3. There is just no tension

It’s the first episode. Anyone who’s a fan knows that Jenna Coleman is not leaving until Christmas. So, we know the Daleks haven’t killed Clara. Also, while the Doctor is angry that she died, he seems to feel nothing about Missy’s death. Remember all those other encounters between the last two time lords? They are enemies, but apparently, according Missy, also the closest of friends. The Doctor has always been conflicted about their relationship and being the last Timelord has weighed heavily on him in New Who. So, this feels off from the start.

Personally, I’ve never been frightened of the Daleks. While they’re iconic Doctor Who monsters, there’s nothing scary about pure uncomplicated evil when it’s dressed up as a salt shaker on wheels with a plunger for an arm. What doesn’t help is Davros’ new sidekick.  A man with a weird face and a dark robe who glides around without feet touching the floor is meant to be scary, I’m sure. But, whenever he’s on screen all I can think is that he’s an eight year old in the early 2000s with those sneakers with wheels on the back.

The exciting part about the Daleks’ involvement is whether or not the Doctor will kill young Davros back on the field of creepy eye-hands. But again! This is something Moffat has done before. In fact, we had something very similar last season with ‘Into the Dalek.’ Is The Doctor purely good? Seeing the complicated side of The Doctor, without compassion.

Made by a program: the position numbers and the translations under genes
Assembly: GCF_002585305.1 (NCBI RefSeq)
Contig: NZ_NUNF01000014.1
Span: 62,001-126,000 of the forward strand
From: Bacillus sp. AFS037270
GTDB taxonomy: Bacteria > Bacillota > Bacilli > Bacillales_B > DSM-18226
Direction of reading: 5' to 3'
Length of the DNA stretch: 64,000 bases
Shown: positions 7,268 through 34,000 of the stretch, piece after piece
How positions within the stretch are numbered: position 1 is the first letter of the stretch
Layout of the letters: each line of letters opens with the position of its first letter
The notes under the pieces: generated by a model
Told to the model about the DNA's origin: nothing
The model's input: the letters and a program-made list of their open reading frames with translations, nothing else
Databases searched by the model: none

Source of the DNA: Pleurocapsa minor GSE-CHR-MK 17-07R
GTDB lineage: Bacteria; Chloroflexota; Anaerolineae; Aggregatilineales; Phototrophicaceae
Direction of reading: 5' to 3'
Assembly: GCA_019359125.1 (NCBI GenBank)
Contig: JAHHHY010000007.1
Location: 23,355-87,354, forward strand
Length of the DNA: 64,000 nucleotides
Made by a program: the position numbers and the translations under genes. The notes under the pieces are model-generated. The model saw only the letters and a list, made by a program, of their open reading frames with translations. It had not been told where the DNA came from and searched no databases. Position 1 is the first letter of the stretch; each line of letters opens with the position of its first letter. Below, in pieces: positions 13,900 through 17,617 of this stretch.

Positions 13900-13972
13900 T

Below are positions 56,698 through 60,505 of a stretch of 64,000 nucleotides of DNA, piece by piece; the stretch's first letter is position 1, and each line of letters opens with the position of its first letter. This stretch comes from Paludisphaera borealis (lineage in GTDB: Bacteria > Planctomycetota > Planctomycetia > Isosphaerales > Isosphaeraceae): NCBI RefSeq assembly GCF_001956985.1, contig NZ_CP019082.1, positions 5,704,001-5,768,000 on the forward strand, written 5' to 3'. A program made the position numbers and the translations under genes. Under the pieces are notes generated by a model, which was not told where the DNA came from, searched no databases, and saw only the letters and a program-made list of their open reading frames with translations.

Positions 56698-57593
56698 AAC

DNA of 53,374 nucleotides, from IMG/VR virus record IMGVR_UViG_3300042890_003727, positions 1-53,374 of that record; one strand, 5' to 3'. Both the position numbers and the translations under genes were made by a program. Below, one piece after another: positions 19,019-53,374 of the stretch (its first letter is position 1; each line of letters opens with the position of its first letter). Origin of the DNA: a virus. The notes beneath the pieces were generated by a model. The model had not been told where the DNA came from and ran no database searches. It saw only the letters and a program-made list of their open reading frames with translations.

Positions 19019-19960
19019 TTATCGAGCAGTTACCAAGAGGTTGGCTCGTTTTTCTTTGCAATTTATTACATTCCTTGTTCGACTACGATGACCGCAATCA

I find all of this so frustrating, because reading interviews with Moffat it is clear he is very knowledgeable about the Whoniverse. He’s been a fan since he was a child, and he has Peter Capaldi, an incredible actor, to convey his ideas! But it’s all wasted potential. This post has come across as more angry than apathetic. Oops. I guess I’m angry about the pitfalls, but in terms of plot, I’m apathetic, because I just don’t care anymore about what happens.

I sincerely hope Part 2 is worth it, and the season gets better, but I’m not holding my breath.